Japanese authorities have approved the first-ever therapeutic for MELAS syndrome, a rare genetic disorder that affects the nervous system and muscles.
MELAS, or ‘mitochondrial encephalopathy, lactic acidosis, and stroke-like episodes’, typically begins in childhood with seizures, headaches, loss of appetite and recurrent vomiting. The symptoms gradually worsen to the point of stroke-like attacks, with temporary muscle weakness on one side of the body that can lead to altered consciousness, loss of motor skills, intellectual disability, and problems with vision and hearing.
Clinicians who specialise in treating MELAS have evaluated antioxidants, vitamin derivatives and numerous other therapies over the past 30 years with little success.
A nutrient called taurine is now the first to show definitive signs of efficacy.
In February 2019, Japan’s Pharmaceutical Safety and Environmental Health Bureau granted marketing authorisation to taurine for the prevention of stroke-like seizures in MELAS. Taurine, a naturally occurring amino acid abundant in fish and meat, is also approved in Japan for treating congestive heart failure.
The MELAS decision followed a year-long trial in which researchers across Japan administered high daily doses of the therapy to 10 patients with disease-causing mutations in their mitochondrial genomes. Before the study, all the patients had been experiencing multiple stroke-like episodes per year. During the study period, six participants had no episodes and the other four had only one each.
The investigators, led by neurologist, Yoshihide Sunada, from Kawasaki Medical School, also studied the molecular effects of taurine supplementation on blood cells from treated patients. Reporting in the May 2019 issue of Journal of Neurology, Neurosurgery and Psychiatry, they found that five of the 10 patients showed significant improvements in a taurine-related change linked to enhanced mitochondrial function.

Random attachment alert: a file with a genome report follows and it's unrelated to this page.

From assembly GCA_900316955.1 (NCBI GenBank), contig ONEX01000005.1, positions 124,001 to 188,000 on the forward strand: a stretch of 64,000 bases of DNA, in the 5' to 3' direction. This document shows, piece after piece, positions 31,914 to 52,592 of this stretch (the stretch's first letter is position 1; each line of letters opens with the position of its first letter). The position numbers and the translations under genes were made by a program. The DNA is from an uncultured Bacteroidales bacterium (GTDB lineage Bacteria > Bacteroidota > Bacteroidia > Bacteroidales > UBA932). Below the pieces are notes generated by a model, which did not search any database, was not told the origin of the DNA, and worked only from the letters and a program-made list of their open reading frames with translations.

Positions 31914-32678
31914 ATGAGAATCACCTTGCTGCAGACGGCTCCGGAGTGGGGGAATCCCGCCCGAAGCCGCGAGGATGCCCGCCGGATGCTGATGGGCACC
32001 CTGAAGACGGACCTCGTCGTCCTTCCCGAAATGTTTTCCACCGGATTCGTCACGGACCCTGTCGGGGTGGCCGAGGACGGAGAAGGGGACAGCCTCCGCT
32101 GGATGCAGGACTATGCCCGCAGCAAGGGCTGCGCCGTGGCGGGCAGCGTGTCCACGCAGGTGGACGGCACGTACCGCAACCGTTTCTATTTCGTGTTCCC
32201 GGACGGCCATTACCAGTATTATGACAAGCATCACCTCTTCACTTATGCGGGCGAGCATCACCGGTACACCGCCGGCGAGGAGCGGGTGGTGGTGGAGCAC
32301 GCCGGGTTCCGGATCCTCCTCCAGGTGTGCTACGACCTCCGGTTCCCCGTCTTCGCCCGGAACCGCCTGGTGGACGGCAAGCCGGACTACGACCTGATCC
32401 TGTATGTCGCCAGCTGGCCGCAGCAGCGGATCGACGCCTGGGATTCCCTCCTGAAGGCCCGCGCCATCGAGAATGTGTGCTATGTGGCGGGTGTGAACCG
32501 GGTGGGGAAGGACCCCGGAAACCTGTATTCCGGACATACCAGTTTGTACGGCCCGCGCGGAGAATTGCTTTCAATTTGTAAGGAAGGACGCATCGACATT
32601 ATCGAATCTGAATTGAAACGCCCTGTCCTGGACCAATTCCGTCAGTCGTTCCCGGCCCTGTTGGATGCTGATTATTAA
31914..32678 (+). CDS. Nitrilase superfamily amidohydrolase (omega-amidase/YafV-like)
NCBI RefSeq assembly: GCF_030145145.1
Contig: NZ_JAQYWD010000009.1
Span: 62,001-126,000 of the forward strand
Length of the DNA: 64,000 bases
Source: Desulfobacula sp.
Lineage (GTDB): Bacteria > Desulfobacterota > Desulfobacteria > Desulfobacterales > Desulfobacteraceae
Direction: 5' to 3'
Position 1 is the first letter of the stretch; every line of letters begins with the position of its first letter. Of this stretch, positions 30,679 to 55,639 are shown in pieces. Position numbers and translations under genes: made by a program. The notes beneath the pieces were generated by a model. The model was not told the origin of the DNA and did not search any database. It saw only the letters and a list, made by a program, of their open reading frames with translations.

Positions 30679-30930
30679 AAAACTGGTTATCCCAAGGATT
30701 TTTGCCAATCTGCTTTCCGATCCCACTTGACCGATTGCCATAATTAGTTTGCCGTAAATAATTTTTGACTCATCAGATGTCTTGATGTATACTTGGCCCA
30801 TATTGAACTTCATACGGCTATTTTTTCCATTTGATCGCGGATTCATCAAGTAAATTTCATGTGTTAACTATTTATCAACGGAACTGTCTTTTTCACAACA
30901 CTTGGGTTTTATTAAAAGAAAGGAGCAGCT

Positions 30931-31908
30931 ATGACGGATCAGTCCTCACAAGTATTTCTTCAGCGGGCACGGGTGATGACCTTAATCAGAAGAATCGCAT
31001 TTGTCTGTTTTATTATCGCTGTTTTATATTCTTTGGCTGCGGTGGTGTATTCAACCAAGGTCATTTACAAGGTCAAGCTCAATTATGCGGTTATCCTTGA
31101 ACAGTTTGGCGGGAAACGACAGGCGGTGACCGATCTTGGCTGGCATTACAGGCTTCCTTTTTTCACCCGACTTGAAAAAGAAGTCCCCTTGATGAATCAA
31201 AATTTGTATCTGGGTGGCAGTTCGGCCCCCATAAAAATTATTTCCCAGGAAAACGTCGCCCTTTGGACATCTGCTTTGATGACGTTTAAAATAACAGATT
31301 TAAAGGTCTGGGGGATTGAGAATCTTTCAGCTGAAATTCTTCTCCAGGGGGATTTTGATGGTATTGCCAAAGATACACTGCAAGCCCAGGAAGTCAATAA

“Our study concludes that high-dose taurine supplementation can prevent stroke-like episodes in patients with MELAS,” Sunada says. He and his colleagues have continued monitoring the health of their patients for several more years and suggest that “the therapeutic effect persists for a long period, with no safety problems.”
To date, however, the researchers have only tracked the incidence of stroke-like episodes, and it is not known if taurine therapy helps with the other serious complications of MELAS such as heart failure and diabetes. Sunada’s team is planning a clinical trial to test for those effects.
Others who study the physiological effects of taurine expect to see a lessening of those other serious symptoms as well. Stephen Schaffer, a professor of pharmacology at the University of South Alabama, explains that “taurine should be an effective therapy against all the symptoms of MELAS, not just the symptoms of stroke-like episodes.”
The program-affiliated researchers contributing to this research are from the Kawasaki Medical School, Japan.
- Ohsawa, Y., Hagiwara, H., Nishimatsu, S., Hirakawa, A., Kamimura, N. et al. Taurine supplementation for prevention of stroke-like episodes in MELAS: a multicentre, open-label, 52-week phase III trial. Journal of Neurology, Neurosurgery and Psychiatry 90, 529–536 (2019). | Article
- Decision on marketing authorisation.| Article